9 Must have tips for securing your crypto wallet

Security in the techno-savvy world is very complex. It seems that nearly every day there’s another report of a major hacking or ransomware violation. And as the number of hacks increase, consumer desires for security increase as well.

 The promise of blockchain technology and the power of cryptocurrencies is their security. Blockchain makes it impossible for someone to hack into your cryptocurrency and steal it since blockchain is completely secure through the distributed ledger that creates the chain.

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 While blockchain is the model of internet security, that doesn’t produce a fully secure system for users. There’s a surprising security risk regarding your digital wallet, and few cryptocurrency investors are aware of it.

 Only As Secure As

 The threat to your digital wallet is not through the blockchain but through the wallet or exchange provider. Information can be tracked and stored at the provider level, including your personal key, and can then be accessed by hackers in order to access your wallet without your permission.

 Because the competition for digital wallet usage is growing, companies are seeking more information about their customers. Whether through information provided or through tracking software, companies are learning about their customers more than ever before.

 Wallet providers are tracking the information that you provide them. When you sign up for digital wallets with providers or exchanges, the company requires a certain level of information. Email address, and name are all included in the data collected. While developers at wallet companies are kept under lock and key for security, the marketing information is not, and therefore can be accessed.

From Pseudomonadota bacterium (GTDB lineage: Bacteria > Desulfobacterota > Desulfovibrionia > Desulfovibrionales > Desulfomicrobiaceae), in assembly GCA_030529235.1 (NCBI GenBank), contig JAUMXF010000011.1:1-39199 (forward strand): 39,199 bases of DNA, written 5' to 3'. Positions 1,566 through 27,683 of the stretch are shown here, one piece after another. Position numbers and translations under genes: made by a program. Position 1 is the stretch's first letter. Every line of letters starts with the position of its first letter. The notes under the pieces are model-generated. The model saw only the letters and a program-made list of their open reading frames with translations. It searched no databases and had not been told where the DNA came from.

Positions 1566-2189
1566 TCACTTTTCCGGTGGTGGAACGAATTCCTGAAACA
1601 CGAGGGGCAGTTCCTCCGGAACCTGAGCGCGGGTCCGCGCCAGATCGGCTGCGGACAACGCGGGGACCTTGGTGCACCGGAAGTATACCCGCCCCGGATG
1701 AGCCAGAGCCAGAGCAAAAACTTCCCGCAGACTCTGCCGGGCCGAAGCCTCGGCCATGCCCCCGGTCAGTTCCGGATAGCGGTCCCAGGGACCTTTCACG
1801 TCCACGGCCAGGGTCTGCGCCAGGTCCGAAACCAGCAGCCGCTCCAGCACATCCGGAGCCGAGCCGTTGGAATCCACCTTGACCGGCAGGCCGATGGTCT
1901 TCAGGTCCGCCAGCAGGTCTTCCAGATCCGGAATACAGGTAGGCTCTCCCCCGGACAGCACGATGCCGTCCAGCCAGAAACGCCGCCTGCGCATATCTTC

However, marketing managers are constantly seeking to track the online activity of their users. Search history, emails, and web activity all provide valuable information about what customers want and what would best be marketed to them.

 Therefore, the information that can be easily tracked by your provider includes web activity, searches, and even keystrokes. What’s more, some software used by marketing companies today includes services that allow the researcher to actually see what the user sees. This means that secure private keys generated by wallet holders may not be such secure after all.

Marketing managers can track your keystrokes, and even see what you can see.

The data that is collected by your wallet provider, and the information that is possible to gain from your computer for marketing purposes, can be combined to allow hackers to sneak into your digital wallet. The possibility of revealing your secret key to your wallet provider is real, and that data can be accessed simply by hacking the wallet provider’s servers or through insider’s hacking.

 What can be done?

 There are a number of important safety and security practices that can help to protect your private keys and therefore protect your funds.

 1.  Secure Your Wallets

 First, it is wise to find a wallet with security measures beyond the normal wallet providers. Some wallets are now using encryption to protect the private keys. Companies like Corion have created a code package that encrypts the key data and protects it from insider hacking.